God Believes in You

Over the years, I have been privileged to participate in many a baptism.  With candidates, family members, sponsors gathered around the font, I address them and the congregation, saying, "Hear the words of our Lord Jesus Christ:  'All authority in heaven and on earth has been given to me.  Go therefore and make disciples of all nations, baptizing them in the name of the Father and of the Son and of the Holy Spirit, and teaching them to obey everything I have commanded you.'"  I also invite those present to remember with joy their own baptism as we celebrate the sacrament in the sanctuary. One Sunday I actually decided to take my own advice.  I said, "Remember your own baptism and be grateful."  But I couldn't come up with a thing. The fact that I had been baptized when I was six months old probably accounts for my failure of memory. 

I do remember a five-year old kid in the first church I served as pastor. His parents had wanted to wait to have their son baptized until he would be able to remember and have some understanding of the meaning of the occasion.  So one Sunday after worship--the Sunday before the baptism was scheduled--Max, his mom, his dad, and I gathered around the font.  I sensed that Max was a little dubious about the whole affair, but I dove in anyway.  I took the top off the baptismal font, reached my hand down into the dry bowl, and pretended to scoop up a palm full of water.  I placed my dry hand on his dry head and said brightly, "Next week, we'll be doing this with real water."  Max folded his arms across his chest, looked me straight in the eye, and announced, "No way, lady. No way."  Eventually Max relented, even as my belief in the value of infant baptism deepened considerably. 

An ancient Christian catechism describes baptism as a "visible sign of invisible grace." By the grace of God, we are surrounded and upheld every day.  The great Protestant Martin Luther was plagued at times by a sense of unworthiness and despair.  To drive back those demons, he kept an inscription over his desk that read, "Remember, you have been baptized."  Often, he would touch his forehead and remind himself, "Martin, you have been baptized."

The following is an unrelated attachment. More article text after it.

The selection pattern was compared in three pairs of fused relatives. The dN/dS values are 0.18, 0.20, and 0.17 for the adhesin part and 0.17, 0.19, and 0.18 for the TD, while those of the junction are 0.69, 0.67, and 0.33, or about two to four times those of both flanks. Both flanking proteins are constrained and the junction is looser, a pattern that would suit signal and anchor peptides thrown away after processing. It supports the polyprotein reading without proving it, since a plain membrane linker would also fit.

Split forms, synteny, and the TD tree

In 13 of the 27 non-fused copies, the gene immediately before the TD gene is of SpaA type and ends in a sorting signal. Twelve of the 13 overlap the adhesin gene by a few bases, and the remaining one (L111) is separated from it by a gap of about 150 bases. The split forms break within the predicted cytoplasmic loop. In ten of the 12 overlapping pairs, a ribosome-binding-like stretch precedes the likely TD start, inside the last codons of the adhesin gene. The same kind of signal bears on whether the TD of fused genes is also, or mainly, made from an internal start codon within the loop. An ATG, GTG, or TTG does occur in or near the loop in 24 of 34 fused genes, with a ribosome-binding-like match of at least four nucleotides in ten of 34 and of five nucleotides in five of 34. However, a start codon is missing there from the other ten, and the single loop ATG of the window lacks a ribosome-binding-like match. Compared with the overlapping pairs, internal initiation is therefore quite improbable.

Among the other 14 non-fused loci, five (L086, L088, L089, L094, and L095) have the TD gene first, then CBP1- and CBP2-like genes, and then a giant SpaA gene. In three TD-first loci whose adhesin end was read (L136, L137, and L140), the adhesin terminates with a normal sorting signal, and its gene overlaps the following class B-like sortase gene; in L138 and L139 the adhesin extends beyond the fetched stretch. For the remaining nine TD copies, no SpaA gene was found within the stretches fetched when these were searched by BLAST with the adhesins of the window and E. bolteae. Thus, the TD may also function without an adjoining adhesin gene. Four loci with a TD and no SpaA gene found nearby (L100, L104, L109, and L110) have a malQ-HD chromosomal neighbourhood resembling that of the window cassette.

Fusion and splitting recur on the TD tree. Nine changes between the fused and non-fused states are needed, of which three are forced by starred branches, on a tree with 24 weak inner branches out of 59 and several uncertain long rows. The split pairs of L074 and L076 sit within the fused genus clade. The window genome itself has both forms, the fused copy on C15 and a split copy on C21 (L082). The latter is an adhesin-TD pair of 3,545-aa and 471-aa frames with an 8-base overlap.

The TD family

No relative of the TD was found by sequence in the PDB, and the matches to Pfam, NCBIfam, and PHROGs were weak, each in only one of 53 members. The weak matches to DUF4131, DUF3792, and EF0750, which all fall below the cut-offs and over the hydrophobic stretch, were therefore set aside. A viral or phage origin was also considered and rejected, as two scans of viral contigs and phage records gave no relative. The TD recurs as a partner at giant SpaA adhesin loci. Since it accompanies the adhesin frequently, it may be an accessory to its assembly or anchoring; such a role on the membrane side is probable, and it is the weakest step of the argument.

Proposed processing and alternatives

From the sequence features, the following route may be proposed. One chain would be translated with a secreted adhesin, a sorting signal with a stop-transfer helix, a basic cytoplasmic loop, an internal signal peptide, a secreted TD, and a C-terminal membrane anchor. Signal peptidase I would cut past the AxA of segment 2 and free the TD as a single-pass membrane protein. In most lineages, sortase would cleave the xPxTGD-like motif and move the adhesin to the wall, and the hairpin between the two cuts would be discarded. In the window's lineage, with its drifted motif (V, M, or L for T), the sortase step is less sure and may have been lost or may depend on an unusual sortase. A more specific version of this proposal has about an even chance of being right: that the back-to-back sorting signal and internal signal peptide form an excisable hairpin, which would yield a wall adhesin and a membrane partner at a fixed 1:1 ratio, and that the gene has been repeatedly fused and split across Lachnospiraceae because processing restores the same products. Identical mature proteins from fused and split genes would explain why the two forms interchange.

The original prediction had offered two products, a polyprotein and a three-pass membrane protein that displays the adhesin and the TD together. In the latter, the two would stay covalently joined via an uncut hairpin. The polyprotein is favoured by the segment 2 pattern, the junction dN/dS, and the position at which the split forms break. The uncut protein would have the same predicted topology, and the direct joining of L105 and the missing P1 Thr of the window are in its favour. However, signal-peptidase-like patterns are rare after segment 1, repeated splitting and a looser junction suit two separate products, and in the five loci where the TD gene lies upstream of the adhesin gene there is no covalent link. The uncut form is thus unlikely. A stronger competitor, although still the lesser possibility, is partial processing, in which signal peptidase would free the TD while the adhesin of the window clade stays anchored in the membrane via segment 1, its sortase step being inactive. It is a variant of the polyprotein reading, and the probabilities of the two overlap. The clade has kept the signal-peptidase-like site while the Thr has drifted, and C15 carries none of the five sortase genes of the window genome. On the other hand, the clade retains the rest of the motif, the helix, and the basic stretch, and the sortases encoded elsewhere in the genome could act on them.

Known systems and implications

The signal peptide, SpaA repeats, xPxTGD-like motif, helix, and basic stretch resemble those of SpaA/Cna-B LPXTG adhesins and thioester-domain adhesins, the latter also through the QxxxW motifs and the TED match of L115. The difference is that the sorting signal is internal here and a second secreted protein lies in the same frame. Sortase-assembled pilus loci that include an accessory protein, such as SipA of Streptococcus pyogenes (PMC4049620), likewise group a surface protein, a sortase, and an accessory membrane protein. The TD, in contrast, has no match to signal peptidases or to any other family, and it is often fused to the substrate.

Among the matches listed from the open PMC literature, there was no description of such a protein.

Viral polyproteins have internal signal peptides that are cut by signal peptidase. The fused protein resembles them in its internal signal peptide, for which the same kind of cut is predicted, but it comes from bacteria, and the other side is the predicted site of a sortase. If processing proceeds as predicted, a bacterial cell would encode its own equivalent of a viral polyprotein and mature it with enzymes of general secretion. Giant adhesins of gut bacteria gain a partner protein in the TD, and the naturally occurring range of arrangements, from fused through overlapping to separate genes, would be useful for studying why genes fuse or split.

Before I prepared this message for you, I had told Luther's story any number of times, but I had never touched my own forehead.  I had never reminded myself in a physical way that I too have been baptized--cleansed and forgiven, claimed and sanctified, sealed by God's own Spirit and given my new, everlasting identity in Christ.  I recommend that you take a moment, touch your own forehead, and remind yourself that you are a child of God. Baptized or not yet baptized, you are a beloved child of God. 

At present, I am a busily engaged pastor, but I am also only days away from being launched into that unknown sea called retirement.  I do not know where the tides will take me, but I am sure that whatever the next chapter holds, I will sail with the winds of the Holy Spirit in my sails and with the guiding hand of God holding fast to the rudder of my future.  I will be exactly the same person who at the age of six months was buried into the death of Christ and raised up into new life through him.  In every season of life--in life and in death--we belong to God.

Let's go for a moment to the banks of the River Jordan where Jesus is being baptized.  Here he makes his first public appearance on the stage of human history.  John the Baptist, repentance-preaching, fire-breathing John, had prepared the people for a Messiah who would baptize with the Holy Spirit and fire.  And here he is, Jesus, going under the water and coming up out of the water.  While he prays his own post-baptism prayer, suddenly heaven itself opens, the Holy Spirit descends like a dove, a voice comes from heaven speaking to Jesus, but in a way that all who are gathered can hear: "You are my Son, the Beloved, with you I am well-pleased."  

I remember a theater production in Atlanta of Clarence Jordan's Cotton Patch Gospel.  In this production the excellent actor Tom Key played God.  Not a bad role if you can get it.  Tom stood on a ladder on the stage.  The actor playing the recently immersed Jesus stood below him looking up with hope and perhaps a little bit of anxiety in his eyes.  But he needn't have worried.  God speaks in a voice loud enough to be heard all the way down  Peachtree Street:  "You are my boy, Jesus.  I am so proud of you!"